Dying to Survive was the film phenomenon of 2018 in China, taking a total of US$450 million at the box-office, and it kicked off the trend for films with a strong social content but which don’t rock the boat politically. The film is based on a real-life news story: a many dying of leukaemia in 2004 decided to illegally import into China low-cost cancer medicines made in India. The main character in the film is Cheng Yong, an importer of Indian aphrodisiac oils, who is contacted by the sick man to help him smuggle the medicines into the country. Cheng Yong – played by Xu Zheng who, with his unforgettable facial expressions manages to nail the complexity of the character from the very first shot – agrees to help, partly out of greed and partly because he needs cash for his own sick father, although he is unaware of the radical consequences his actions will have on his life. Cheng Yong has an ex-wife who torments him and a son he has difficulty communicating with, and he is the classic all-round smuggler, opportunistic and cunning, but with a heart of gold.
He quickly finds himself at the head of a gang of unlikely smugglers, made up of Lv Shouyi, the sick man who initially contacted him, a pole dancer who is the mother of a sick girl who distributes the product to selected groups of patients, a priest who speaks English and helps communicate with the Indian supplier, and another sick young man who sees himself as a kind of Robin Hood-style figure . After a hesitant start, the business takes off and grows, helping thousands of patients to take their treatment into their own hands at cut-price, but it also attracts the attentions of the importer of the official pharmaceutical product, who reports their actions to the police. Under pressure from the authorities and enticed by the offer of a large sum of money, Cheng Yong decides to sell his business to a dealer of counterfeit medicines, in order to become a legitimate textile entrepreneur, announcing his decision to the rest of the group in a crucial scene that once again puts Xu Zheng’s acting credentials on display; but a year later he learns that the trafficker has disappeared and Lv Shouyi is dying. At this moment, the film switches with convincing fluidity from a comedy to a drama, with director Wen Muye showing a remarkable maturity for what is his debut film.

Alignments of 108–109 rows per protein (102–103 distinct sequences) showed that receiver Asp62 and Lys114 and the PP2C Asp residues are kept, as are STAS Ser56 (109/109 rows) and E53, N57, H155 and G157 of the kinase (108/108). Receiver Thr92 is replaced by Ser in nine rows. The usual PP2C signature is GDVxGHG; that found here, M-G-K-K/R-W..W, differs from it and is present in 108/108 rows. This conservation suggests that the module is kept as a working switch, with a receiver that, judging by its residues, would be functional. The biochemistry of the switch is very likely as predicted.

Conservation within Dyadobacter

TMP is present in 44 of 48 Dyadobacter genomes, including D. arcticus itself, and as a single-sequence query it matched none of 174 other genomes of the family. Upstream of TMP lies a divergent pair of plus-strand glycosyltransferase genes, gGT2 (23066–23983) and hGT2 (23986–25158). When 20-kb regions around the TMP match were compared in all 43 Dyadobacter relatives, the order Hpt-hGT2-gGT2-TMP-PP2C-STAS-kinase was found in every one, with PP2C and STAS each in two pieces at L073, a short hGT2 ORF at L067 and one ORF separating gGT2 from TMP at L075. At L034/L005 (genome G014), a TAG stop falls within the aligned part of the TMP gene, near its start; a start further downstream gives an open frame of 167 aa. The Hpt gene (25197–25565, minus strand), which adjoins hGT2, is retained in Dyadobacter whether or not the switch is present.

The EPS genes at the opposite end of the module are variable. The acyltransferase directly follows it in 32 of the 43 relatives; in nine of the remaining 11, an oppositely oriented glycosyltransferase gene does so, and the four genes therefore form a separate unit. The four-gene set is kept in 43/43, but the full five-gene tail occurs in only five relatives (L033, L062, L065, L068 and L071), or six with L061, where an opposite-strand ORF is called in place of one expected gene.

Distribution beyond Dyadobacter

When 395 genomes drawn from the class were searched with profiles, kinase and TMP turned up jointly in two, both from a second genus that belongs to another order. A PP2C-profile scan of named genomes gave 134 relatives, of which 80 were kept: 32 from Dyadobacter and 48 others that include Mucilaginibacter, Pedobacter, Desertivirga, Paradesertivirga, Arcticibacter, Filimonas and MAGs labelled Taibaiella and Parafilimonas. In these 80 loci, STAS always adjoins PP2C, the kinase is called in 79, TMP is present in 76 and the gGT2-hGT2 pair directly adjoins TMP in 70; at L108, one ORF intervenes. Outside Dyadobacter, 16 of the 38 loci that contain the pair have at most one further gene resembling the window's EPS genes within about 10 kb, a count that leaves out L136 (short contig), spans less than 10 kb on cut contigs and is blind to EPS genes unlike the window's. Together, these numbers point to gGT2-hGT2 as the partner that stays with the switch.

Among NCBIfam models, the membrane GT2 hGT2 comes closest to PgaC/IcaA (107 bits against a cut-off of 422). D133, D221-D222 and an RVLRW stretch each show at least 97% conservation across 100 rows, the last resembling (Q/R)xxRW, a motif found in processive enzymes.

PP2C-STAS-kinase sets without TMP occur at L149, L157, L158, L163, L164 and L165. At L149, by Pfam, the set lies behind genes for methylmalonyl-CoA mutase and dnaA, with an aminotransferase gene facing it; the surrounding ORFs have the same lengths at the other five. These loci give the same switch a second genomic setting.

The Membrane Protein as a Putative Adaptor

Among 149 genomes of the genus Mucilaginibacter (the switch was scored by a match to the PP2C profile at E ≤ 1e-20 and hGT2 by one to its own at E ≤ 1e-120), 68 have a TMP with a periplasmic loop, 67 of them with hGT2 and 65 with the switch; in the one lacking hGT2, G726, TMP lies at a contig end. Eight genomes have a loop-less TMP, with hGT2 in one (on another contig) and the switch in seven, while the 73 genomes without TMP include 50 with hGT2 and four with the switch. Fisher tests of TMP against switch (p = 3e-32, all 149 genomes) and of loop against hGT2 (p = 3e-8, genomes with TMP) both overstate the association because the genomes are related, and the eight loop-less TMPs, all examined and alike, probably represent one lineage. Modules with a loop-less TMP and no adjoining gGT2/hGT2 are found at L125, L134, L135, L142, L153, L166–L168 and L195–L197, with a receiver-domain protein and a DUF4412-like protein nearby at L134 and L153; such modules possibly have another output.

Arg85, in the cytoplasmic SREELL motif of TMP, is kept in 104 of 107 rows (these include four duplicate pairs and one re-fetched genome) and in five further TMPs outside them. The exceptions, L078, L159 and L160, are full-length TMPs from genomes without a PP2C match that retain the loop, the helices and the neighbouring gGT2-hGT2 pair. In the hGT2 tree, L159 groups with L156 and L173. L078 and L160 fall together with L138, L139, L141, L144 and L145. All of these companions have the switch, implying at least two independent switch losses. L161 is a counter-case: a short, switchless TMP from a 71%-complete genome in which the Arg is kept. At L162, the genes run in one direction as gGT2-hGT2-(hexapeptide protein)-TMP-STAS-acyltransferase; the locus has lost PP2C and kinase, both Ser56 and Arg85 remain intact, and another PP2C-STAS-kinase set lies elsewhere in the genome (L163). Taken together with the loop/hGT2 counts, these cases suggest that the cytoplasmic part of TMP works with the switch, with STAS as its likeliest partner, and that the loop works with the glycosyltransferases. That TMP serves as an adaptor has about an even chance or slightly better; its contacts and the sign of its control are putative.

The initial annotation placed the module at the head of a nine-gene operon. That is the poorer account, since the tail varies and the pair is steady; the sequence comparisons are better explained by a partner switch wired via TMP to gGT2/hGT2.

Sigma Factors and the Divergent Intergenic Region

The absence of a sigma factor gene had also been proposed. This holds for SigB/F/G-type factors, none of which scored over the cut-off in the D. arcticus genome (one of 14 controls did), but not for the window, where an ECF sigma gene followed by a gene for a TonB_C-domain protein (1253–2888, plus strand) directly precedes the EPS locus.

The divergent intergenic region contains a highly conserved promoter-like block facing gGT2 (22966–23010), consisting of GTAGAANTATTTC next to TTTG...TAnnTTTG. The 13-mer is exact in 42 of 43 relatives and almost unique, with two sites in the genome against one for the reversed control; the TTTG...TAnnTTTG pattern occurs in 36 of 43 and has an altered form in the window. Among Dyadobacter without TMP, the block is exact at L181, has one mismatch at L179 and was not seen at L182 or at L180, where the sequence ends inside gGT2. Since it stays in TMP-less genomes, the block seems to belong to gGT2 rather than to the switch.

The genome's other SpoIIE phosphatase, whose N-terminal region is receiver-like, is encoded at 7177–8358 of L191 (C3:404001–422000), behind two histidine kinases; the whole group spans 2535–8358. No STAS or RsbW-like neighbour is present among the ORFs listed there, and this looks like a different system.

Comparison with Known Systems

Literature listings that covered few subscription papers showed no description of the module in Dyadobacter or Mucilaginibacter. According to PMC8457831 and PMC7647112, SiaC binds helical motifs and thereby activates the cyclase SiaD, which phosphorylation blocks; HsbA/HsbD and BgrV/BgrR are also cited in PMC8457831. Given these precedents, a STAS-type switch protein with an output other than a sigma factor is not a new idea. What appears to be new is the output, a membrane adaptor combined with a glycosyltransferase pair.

The second part of the film tells the story of Cheng Yong’s conversion into a Good Samaritan, made convincing by Xu Zhen’s performance, equally credible when he doesn’t have to make people laugh but has to make them cry. The rest of the cast – especially Wang Chuanjun who plays Lv Shouyi – are also perfect in their roles, in a film that alternates genuinely funny scenes with more dramatic ones without ever losing narrative coherence and style. While the moral of the film seems to be that while no one is perfect, they cannot be labelled as purely evil either, the ending also contains an official message, namely that following the story, the authorities included the low-cost medicine in the list of those approved by the Chinese healthcare administration.
Produced by Ning Hao and Xu Zheng himself, the film has been compared to Dallas Buyers Club for the issue tackled, and it has resonated among the Chinese public, even being quoted by the Premier of the State Council, Li Keqiang. The public identifies with the sick protesting in the film about the inaccessibility of drugs at affordable prices and who represent all those who cannot keep up with a cost of living that is growing disproportionately. As Cheng Yong says when his morale hits rock-bottom: “There is only one real illness: poverty.”